Posted on Tuesday, October 25 2005 by Heather Brandon
Last week I had the honor of being a guest of Henry Lu, professor of landscape architecture at UMass-Amherst. He had invited me to attend an undergraduate senior class presentation of proposals to re-design Springfield’s Court Square. I ended up on a panel, of sorts, with a few professors, a pair of alum design professionals from Connecticut, and Alvin Paige, artist-in-residence at American International College. There was a roughly 15- to 20-year-span age difference between me and the other panelists in attendance. While I have a bachelor’s degree in Growth and Structure of Cities, I am not a design professional, and I lack decades of informed experience. I can talk a good line, though, so I dove in with the rest of them to critique the designs, and had a good deal of fun in the process.
The students started out with a slideshow outlining facts and history about downtown Springfield. Some of their facts were a little ragged around the edges or incompleteâ€”for instance, they weren’t quite sure what that new civic center was called, or if it was opened yetâ€”but for the most part their presentation was interesting and informative. They skirted around the subject of why Court Square exists in the first place, relegating it to a single-sentence description of how buildings were removed to make room for it, back in the early 1800s. But why? I thought. If we don’t know why the place existed before, how will we ever be able to put in context the reason for its existence today? What in heck are we supposed to do with Court Square?
In the past, Professor Lu and other UMass academics and students have worked with Springfield city officials on a project known as the Urban Laboratory, or the Urban Places Project. Areas of focus have included many neighborhoods across the urban landscape: Mason Square, Hill-McKnight, the North End, the State Street corridor. I am not familiar with any projects in the past that focused on downtown. Professor Lu told me that there is currently no funding to continue the Urban Laboratory, but he seems motivated to continue brainstorming design ideas for the city, regardless of whether there’s a working relationship or not. His students understand this, but of course, without a slightly-real-world client working relationship, it’s easy to get off course and trail out into the nether regions of an infinite design budget and no restrictions on how the space is used when you’re working on a project like hypothetically re-designing Court Square.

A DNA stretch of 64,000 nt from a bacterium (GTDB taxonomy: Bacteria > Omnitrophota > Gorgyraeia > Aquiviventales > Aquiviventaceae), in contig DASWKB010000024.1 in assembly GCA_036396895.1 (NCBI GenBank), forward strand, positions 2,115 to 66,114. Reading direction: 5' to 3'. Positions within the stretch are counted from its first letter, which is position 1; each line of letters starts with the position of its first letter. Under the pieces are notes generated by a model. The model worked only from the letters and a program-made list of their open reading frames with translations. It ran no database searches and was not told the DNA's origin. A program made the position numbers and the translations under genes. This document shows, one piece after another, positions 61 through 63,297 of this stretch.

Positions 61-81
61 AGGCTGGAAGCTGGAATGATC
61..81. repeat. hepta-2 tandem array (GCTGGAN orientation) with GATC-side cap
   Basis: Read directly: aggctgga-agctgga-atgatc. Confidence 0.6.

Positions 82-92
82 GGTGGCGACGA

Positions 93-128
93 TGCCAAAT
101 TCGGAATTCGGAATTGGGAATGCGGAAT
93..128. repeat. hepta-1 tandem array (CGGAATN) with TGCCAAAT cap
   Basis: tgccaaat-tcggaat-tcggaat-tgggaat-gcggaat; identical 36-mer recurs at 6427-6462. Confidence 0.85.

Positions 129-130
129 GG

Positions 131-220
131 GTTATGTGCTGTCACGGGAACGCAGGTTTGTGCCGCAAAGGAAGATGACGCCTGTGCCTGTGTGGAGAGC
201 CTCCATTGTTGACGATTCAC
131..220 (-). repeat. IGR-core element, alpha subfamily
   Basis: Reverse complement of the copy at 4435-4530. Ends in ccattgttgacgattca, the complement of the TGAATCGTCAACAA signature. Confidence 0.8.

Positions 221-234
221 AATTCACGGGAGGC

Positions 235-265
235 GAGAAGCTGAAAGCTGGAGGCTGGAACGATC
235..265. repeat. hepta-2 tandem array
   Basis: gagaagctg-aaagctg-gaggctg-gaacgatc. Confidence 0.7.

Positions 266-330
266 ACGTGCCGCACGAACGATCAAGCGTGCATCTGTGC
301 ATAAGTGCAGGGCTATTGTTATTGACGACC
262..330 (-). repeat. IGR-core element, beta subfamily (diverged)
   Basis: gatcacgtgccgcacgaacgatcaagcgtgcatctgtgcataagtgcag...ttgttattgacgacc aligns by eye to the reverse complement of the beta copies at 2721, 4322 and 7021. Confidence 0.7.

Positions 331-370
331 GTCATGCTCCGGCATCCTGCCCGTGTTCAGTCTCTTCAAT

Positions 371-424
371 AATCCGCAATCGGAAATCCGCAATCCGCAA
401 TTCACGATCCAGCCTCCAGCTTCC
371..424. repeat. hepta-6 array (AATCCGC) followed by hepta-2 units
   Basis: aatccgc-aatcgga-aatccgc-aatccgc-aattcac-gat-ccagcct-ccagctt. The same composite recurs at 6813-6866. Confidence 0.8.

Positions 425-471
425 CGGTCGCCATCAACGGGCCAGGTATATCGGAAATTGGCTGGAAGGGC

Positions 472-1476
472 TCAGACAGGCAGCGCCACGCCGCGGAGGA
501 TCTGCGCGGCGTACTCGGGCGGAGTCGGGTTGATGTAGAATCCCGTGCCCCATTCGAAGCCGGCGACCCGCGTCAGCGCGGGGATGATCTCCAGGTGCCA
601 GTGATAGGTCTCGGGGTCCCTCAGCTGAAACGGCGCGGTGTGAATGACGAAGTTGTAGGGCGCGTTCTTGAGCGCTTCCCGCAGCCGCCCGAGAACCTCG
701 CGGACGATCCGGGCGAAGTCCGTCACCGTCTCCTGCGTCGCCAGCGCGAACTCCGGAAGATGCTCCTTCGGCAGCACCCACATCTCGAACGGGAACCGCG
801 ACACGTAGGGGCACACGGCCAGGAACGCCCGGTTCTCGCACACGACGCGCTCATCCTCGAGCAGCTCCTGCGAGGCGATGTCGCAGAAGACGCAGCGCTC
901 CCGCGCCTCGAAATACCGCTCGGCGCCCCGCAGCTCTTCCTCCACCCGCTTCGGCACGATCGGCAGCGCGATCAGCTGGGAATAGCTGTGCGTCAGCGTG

That’s what made the student presentations so grimly intriguing. Most of the designs completely obliterated the 100-plus-year-old oak trees. Only two designs (out of the seven presented) even acknolwedged that there was an important bus stop there along Main Street. All of the designs completely relied on the Picknelly hotel project going forward, most with a dreamy, leafy cafÃ© setting that extended a bit out into the square. None of the designs fittingly acknowledged the fact that several important monuments and memorials are at the square; a couple of them sort of half-heartedly noticed them, and most said they would actually relocate all of the memorials to another spot closer to First Church. None of the designs included the famous lion’s head fountain on the sidewalk, or the tiered lion fountain, or the copper-roofed bandstand. The design professionals on the panel had a good laugh, reminding students that in the field, these things (i.e. existing structures, especially memorials) are eminently more important than we may, at first, believe, or wish.
In the fall/winter 2005 Park Matters, a newsletter of the Society of Everett Barney, Inc., I found a bit of the Court Square history I had sought but not found from Professor Lu’s students: “On April 8, 1821, five well-known Springfield citizens, realizing the need for an open square or yard near the Hampden County courthouse, bought of Elizabeth Sheldon, ‘…one acre of land, more or less…’ for $3,000, which was termed a ‘great expense.’ A provision of the sale was that the land was ‘…never to be alienated or encumbered with buildings or appropriated for other use than a public common, except such trees for shade and adornment.’”
Some of the UMass student designs attempted to veer away from this initial intent with a bit of radical this-or-that, my favorite example being colorful, illuminated plastic boxes as sittable art. A more austere example is another design’s free-standing Greek-style columns dotting the pedestrian walks (more for pigeons than humans, I noted in my feedback). The most practical included another design’s wetland-like small, triangular pools for grass and collection of excess waterâ€”which that area of downtown probably receives. One thing missing from all the designs, though, was a sense of why. It’s true that when you’re standing inside the new MassMutual Center looking out, you have a lovely, unprecedented view of Court Square. The potential for the two to have a pleasant, working physical relationship was clearly grappled with by the students. But I got the sense that they hadn’t really stood there and looked at it.
As we wrapped up the presentations, and Professor Lu stood with his students for a last word, I heard him say, “On Monday, I want you to go to Springfield. Go visit Court Square. You really need to see it.”